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“ A traer a su servicio a Sebastian Gaboto, Ingles, por tenir noticia que era esperto hombre de Mar y para esto escrivio a Milort Ulibi Capitan General del Rey de Ingleterra que se le embiasse y esto fue a treze de Septembre deste anno Sebastian Gaboto vino a Castilla y el Rey le dio titulo da su Capitan, y buenas gages, y quedo en su servicio y le mando residir en Sevilla, para lo que se le ordenasse. *"

There is no difficulty in recognising, through the disguise of the Spanish orthography, the name of Lord Willoughby. That nobleman is found at the head of a Commission for levy. ing troops, dated 29th March, 1511 (Rymer, vol. xiii. p. 297), and immediately followed by a letter from Ferdinand to Henry, dated Seville, 20th April, 1511, relative to the proposed co-operation. Lord Willoughby landed at Plaisance with the English army from the Spanish vessels on the 8th June, 1512 (Herbert's Life of Henry VIII., p. 20).

Surprise will doubtless be felt, that any misconception should exist as to a fact so clearly established. But Herrera is known in this country only through a wretched translation, made about a century ago by a “Captain John Stevens,” replete with errors, and in which many passages of the greatest interest are entirely omitted. Amongst the rest, not a syllable of what has just been quoted is found in it. Unfortunately, too, for the credit of those who cite Herrera, this translator has changed the order of Decades, Books, and Chapters, and yet given no notice that he had taken such a liberty. The reader, therefore, who attempts to verify the references of most English authors, will find them agreeing very well with the book of Stevens, but furnishing no clew to the passages of the original.

The Correspondence referred to by Herrera between Ferdinand and Lord Willoughby, would seem to have been

. “To draw into his service Sebastian Cabot, an Englishman, having heard of his ability as a seaman; and with this view he wrote to Lord Uliby, Captain-General of the King of England, to send him over, and it was on the 13th of September of this year (1512) that Cabot came to Spain. The King gave him the title of his Captain, and a liberal allowance, and retained him in his service, directing that he should reside at Seville to await orders.”

extant about a century ago, if we may judge from the language used in the “ Ensaio Cronologico Para La Historia General De Florida,” published at Madrid in 1723. This work, though it appeared under the name of Cardenas, is understood to have been the production of Andre Goncalez Barcia, Auditor of the supreme council of War of the King of Spain. In the Introduction, the author, after conjecturing the motives which led Cabot to abandon England without reluctance, remarks

“Y aunque conservo siempre la Fama de Cosmografo, no se hico caso de el, en Inglaterra, hasta que el Rei de Espana, por el mes de Septembre de 1512, entendiendo de Algunas Cosmografos que avia algun estrecho a la parte de la Tierra de los Baccalaos y otro a occidente, escrivio a Milord Ulibi, Capitan General de Inglaterra, le embiase a Gaboto, lo qual egecuto luego, como cosa que le importaba poco."*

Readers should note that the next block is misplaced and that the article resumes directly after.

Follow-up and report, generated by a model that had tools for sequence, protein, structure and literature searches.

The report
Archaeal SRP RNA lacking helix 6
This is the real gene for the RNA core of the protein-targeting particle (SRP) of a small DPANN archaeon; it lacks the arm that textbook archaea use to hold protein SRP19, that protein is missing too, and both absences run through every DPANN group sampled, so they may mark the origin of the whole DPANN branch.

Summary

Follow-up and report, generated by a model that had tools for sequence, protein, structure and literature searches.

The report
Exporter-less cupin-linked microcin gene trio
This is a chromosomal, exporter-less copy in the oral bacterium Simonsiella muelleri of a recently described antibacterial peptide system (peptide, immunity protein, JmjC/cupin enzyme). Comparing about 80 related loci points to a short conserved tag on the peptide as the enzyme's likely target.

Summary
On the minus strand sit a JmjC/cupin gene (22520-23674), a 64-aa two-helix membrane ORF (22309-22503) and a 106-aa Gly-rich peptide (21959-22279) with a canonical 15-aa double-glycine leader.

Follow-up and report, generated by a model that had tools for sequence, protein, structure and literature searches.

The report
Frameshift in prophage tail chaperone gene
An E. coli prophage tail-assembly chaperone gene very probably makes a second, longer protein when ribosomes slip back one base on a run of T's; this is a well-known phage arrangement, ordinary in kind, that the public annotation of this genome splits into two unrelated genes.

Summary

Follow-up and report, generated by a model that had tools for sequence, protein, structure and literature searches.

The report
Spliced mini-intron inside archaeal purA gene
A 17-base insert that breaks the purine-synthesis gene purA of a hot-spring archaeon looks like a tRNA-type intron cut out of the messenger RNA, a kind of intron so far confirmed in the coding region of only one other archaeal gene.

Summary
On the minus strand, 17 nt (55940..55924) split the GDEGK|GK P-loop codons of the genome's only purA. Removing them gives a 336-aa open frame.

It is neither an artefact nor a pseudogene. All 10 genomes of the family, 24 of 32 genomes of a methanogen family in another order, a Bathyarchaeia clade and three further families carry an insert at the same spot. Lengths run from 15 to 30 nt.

The readiness with which Lord Willoughby yielded to the request of the Spanish monarch, and his making light of the favour conferred, would seem to be facts that could only be gathered from the Correspondence itself. We may presume it to be not now in existence, or documents so curious would doubtless have been published by Navarette.

No specific duties were, in the first instance, assigned to Cabot; but his value was quickly discerned and appreciated. We find him, in 1515, mentioned (Herrera, Dec. ii. lib. i. cap. xii.) in connexion with an object, about which the King was very solicitous—a general revision of Maps and Charts; and in that year, Peter Martyr (Dec. iii. cap. vi.) speaks of him as holding the dignified and important station of a Member of the Council of the Indies. The same writer informs us

• " And though he maintained always his reputation as cosmographer, yet no account was made of him in England; and, at length, the King of Spain, in the middle of September 1512, understanding from cosmographers that there was a Strait in some part of the land of Baccalaos, communicating with another in the West, write to Lord Vlibi, Captain-General of England, to send Cabot to him, which he did forthwith as a thing of little moment.

that an expedition had been projected to sail in March 1516, under the command of Cabot, in search of the North-West Passage.

“Familiarem habeo domi Cabotum ipsum et contubernalem interdum Vocatus namque ex Britannia a Rege nostro Catholico post Henrici Majoris Britannia Regis mortem concurialis noster est expectatque Indies ut navigia sibi parentur quibus arcanum hoc naturæ latens jam tandem detegatur. Martio mense anni futuri MDXVI. puto ad explorandum discessurum. Quæ succedent tua Sancitas per me intelliget modo vivere detur. Ex Castellanis non desunt qui Cabotum primum fuisse Baccalorum repertorem negant, tantumque ad Occidentem tetendisse minime assentiuntur. *"